officers died and four people were wounded in
clashes between Iraqi soldiers and Kurdish forces in
the province's eponymous capital.
Senior security leaders quickly insisted in the
aftermath of the shootings, though, that they were
accidental and did not equate to a conflict between
Arab Iraqi forces and their Kurdish counterparts.
Attacks also remain common in the province, despite
violence levels having fallen from their peak in
2006 and 2007, with two guards of a local police
chief having been killed in a bomb attack on
The situation remains "fragile," according to
provincial council chief Hassan Toran, a Turkman who
says the size of the provincial police force is
insufficient to help secure the area.
While Kirkuk is one of the few provinces in Iraq
where the police rather than the army take primary
responsibility for security, its 11,300-strong force
has a shortfall of at least 3,500, according to a
In that context, the withdrawal of US forces is a
"great challenge," according to Kirkuk's Chaldean
bishop Louis Sako.
"It will leave a vacuum that we need to fill with
harmony and reconciliation," he said.
The oil-rich province of Kirkuk is one of the most disputed areas by the
regional government and the Iraqi government in Baghdad.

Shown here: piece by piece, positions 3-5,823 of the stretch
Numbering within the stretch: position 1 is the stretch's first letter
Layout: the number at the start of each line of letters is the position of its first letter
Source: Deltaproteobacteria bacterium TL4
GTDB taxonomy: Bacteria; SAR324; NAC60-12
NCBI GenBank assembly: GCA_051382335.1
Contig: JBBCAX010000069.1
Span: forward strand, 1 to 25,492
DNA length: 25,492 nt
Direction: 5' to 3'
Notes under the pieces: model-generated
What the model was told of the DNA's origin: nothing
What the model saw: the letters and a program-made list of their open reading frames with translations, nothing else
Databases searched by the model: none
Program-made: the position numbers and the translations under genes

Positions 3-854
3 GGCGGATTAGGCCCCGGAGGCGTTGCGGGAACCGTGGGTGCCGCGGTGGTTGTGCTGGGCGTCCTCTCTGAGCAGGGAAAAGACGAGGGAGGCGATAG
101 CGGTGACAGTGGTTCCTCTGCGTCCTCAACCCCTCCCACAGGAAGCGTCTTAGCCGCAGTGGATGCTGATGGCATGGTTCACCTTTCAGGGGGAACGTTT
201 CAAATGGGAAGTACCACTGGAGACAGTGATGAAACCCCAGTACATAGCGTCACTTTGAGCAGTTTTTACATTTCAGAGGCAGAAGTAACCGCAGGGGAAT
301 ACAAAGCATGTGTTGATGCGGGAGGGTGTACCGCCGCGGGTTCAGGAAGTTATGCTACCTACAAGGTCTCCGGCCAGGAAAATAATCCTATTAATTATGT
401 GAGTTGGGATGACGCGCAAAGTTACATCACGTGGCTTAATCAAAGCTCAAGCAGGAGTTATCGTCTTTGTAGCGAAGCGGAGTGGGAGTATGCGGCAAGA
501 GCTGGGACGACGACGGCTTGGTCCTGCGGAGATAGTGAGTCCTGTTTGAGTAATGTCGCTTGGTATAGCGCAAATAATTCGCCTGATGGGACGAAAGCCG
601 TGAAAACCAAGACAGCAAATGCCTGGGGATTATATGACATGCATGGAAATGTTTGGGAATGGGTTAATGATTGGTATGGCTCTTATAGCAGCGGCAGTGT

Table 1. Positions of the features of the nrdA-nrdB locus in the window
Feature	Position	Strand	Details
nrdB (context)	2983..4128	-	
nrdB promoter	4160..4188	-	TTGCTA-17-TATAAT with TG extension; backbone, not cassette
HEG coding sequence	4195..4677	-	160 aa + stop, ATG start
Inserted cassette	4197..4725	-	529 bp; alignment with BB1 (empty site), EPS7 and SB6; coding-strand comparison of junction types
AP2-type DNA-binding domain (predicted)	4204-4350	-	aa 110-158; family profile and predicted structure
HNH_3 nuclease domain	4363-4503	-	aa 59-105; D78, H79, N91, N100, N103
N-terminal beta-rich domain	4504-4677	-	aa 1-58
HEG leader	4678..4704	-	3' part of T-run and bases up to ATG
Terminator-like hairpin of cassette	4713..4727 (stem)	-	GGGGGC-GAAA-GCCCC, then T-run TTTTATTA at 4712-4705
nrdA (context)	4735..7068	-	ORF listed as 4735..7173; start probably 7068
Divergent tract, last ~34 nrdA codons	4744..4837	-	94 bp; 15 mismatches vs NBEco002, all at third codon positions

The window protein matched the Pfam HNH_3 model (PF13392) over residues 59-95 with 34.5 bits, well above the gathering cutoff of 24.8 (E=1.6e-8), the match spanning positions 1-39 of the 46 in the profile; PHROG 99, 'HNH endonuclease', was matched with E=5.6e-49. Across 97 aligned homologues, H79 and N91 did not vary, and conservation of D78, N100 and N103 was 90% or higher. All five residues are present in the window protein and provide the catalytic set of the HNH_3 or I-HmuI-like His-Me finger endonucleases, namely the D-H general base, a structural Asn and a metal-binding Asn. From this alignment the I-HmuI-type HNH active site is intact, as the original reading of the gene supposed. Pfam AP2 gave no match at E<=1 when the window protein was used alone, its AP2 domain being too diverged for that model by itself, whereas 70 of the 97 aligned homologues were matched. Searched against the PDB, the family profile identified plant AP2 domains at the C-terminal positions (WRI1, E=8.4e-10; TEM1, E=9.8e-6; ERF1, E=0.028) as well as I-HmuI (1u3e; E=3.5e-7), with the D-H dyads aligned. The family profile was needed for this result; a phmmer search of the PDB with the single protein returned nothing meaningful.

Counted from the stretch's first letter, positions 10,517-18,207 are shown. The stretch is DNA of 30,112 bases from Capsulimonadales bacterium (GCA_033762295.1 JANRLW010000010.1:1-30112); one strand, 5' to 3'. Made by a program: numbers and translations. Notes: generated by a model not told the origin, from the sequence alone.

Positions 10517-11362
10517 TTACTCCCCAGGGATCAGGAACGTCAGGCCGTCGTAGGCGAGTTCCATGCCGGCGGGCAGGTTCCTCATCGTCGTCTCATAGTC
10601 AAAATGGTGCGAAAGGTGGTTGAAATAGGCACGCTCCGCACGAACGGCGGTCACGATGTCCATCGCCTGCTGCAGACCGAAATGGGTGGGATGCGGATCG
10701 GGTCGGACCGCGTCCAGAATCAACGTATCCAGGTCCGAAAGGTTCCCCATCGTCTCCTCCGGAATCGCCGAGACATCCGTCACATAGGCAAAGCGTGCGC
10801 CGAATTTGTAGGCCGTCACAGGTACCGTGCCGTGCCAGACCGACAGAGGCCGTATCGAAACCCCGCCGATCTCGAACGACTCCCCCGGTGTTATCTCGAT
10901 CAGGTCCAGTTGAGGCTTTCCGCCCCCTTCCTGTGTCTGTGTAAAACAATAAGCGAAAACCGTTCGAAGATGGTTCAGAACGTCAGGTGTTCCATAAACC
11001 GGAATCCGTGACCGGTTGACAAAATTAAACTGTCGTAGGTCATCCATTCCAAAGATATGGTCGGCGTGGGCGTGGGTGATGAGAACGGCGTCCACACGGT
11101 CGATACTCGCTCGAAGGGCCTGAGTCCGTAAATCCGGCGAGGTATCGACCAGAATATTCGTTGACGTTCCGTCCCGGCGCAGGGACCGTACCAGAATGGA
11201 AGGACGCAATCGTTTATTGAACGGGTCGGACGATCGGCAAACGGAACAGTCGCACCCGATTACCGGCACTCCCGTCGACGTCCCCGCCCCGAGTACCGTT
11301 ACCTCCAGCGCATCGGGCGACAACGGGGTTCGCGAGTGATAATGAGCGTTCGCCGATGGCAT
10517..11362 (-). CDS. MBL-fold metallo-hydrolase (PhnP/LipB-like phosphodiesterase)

The Kurds are seeking to integrate the province into the semi-autonomous
Kurdistan Region clamming it to be historically a Kurdish city, it lies just
south border of the Kurdistan autonomous region, the population is a mix of
majority Kurds and minority of Arabs, Christians and Turkmen, lies 250 km
northeast of Baghdad. Kurds have a strong cultural and emotional
attachment to Kirkuk, which they call "the Kurdish
Jerusalem." Kurds see it as the rightful and
perfect capital of an autonomous Kurdistan state.
Article 140 of the Iraqi constitution is related to
the normalization of the situation in Kirkuk city
and other disputed areas through having back its
Kurdish inhabitants and repatriating the Arabs
relocated in the city during the former regime’s
time to their original provinces in central and
The article also calls for conducting a census to be
followed by a referendum to let the inhabitants
decide whether they would like Kirkuk to be annexed
to the autonomous Iraqi Kurdistan region or having
it as an independent province.
The former regime of Iraqi President Saddam Hussein
had forced over 250,000 Kurdish residents to give up
their homes to Arabs in the 1970s, to "Arabize" the
city and the region's oil industry.
The last ethnic-breakdown census in Iraq was
conducted in 1957, well before Saddam began his
program to move Arabs to Kirkuk. That count showed
178,000 Kurds, 48,000 Turkomen, 43,000 Arabs and
10,000 Assyrian-Chaldean Christians living in the
In an effort to promote cooperation between Arab and
Kurdish security forces along the disputed territory
of which Kirkuk is at the centre, the US military
began conducting tripartite patrols and running
joint checkpoints with the two sides at the start of
Those efforts will conclude when US forces withdraw
from the country by the end of this year, according
to a bilateral security pact with Iraq.